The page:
Fire alarm strobe lights flash to warn hearing-impaired people of fire emergencies. Typically flashing at a rate of 60 flashes per minute, many contain audible horn devices that warn the visually impaired. The Americans with Disabilities Act of 1990 led to the implementation of codes that govern the use of fire alarm strobe lights in public buildings.
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The National Fire Protection Association (NFPA) requires that 110 cd strobes in sleeping areas be positioned on the wall no closer than 24 inches to the ceiling. When using 177 cd strobes, NFPA requires that the strobe be positioned no more than 24 inches from the ceiling. The strobe must be placed on the wall within 16 feet of the pillow on the bed.
For every 25 sleeping rooms up to 100, a place of lodging must have one fire alarm strobe equipped room. For buildings with 101 to 150 rooms, there must be five equipped rooms. Buildings with 151 to 200 sleeping rooms, six rooms must be equipped. If there are 201 to 300 sleeping rooms, seven rooms should have fire alarm strobes installed. For hotels with 501 to 1000 rooms, 2 per cent of the rooms must be equipped with strobes. If there are 1000 plus rooms, there should be 20 fire alarm strobe equipped rooms plus 1 additional equipped room for each 100 over 1000.
Wall-mounted fire strobes must be placed 80 to 96 inches above the floor and at least six inches from the ceiling in all non-sleeping areas. Ceiling-mounted fire strobes should not be more than 30 feet above the floor. If the ceilings are higher than 30 feet, the strobes must be mounted on the wall.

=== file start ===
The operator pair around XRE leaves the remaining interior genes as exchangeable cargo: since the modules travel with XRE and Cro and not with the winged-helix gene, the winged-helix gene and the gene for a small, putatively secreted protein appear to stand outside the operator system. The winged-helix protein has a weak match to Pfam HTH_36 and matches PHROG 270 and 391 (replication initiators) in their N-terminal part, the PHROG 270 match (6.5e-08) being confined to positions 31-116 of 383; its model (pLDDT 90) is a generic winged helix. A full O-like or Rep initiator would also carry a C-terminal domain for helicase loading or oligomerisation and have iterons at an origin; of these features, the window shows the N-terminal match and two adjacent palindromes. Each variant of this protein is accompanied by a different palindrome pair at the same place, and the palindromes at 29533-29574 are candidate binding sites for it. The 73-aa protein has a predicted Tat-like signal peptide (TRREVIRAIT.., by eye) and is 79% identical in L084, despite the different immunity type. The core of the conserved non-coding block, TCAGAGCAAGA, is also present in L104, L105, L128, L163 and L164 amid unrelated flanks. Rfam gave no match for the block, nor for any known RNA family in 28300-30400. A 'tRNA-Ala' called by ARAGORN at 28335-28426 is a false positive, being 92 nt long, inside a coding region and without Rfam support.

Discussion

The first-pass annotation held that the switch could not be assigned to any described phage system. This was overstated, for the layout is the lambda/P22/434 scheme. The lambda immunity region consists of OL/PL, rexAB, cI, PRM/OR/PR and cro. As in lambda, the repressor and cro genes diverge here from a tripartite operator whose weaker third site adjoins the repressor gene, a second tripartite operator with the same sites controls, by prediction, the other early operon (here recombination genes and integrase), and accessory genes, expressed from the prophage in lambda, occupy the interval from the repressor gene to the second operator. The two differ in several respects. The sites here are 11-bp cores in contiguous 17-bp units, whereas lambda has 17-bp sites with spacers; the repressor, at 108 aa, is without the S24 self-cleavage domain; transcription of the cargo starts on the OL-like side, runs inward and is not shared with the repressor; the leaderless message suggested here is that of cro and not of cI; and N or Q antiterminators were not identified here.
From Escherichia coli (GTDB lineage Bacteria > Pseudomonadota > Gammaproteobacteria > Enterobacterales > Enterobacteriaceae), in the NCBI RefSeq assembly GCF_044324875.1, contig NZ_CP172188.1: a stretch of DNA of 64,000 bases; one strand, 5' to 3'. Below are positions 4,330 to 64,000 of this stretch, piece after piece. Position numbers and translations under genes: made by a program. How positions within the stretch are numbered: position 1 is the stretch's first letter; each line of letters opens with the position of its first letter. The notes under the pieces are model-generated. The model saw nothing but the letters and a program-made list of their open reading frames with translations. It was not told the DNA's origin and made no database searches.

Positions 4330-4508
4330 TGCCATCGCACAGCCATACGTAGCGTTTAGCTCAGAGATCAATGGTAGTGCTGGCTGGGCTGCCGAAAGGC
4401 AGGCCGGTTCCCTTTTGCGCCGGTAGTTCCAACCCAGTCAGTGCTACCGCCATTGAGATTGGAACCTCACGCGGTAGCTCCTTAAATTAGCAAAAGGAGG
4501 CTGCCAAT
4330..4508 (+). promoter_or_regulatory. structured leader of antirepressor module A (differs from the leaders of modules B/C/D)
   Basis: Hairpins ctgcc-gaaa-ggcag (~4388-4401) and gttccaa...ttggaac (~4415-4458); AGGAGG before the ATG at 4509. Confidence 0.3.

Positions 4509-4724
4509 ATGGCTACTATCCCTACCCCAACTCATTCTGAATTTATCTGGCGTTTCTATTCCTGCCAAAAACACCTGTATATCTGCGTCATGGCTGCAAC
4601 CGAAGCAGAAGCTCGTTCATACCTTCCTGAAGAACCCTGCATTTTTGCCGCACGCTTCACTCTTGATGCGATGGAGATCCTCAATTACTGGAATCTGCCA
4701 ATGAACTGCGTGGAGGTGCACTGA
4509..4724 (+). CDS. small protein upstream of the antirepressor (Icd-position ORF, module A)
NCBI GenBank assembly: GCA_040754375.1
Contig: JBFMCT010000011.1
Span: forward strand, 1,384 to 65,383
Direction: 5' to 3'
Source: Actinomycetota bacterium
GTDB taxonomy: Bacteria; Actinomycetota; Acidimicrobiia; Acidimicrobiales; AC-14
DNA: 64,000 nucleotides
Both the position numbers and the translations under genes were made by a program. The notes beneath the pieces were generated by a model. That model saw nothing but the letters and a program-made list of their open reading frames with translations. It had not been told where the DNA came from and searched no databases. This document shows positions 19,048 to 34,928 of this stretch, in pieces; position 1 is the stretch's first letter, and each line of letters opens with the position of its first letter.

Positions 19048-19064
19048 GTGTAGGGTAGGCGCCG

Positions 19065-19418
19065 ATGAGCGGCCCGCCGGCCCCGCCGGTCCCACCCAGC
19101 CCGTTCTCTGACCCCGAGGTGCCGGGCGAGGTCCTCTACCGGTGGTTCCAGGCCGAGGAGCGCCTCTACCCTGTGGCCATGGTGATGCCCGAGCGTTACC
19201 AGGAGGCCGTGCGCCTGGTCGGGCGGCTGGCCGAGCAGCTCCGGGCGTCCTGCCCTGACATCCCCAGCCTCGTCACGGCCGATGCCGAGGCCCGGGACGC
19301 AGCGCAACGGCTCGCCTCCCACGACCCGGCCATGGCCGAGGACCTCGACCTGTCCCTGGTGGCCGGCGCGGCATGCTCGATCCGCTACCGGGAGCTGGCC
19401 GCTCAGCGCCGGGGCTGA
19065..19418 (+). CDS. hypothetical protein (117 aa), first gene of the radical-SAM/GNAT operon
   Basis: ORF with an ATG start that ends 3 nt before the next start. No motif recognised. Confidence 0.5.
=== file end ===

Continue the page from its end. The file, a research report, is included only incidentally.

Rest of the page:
The size of the room indicates how many strobes to install. A 20-by-20-foot room requires one 15 cd strobe. A 30-by-30-foot room requires one 30 cd or two 15 cd strobes. A 40-by-40-foot-room requires one 60 cd or two 30 cd strobe. A 50-by-50-foot-room requires one 95 cd or two 60 cd strobes. A 60-by-60-foot-room requires one 135 cd or two 95 cd strobes. This requirement increases up to a 100-by-100-foot room, which requires one 375 cd, two 240 cd or three 95 cd strobes.
NFPA requirements state that fire strobe lights must be visible no matter the orientation of the person in the room or corridor. The maximum spacing between fire strobes should not exceed 100 feet. All strobes must be located within 15 feet of the end of the corridor.
According NFPA 72, Appendix A, the recommended placement for corridor strobe lights indicates that any interruptions in a corridor indicates separate corridors. For example, an 100-foot corridor must have a fire alarm strobe at each end. A corridor that turns must have fire alarm strobes at the corner and each end because it is considered to be two separate corridors.
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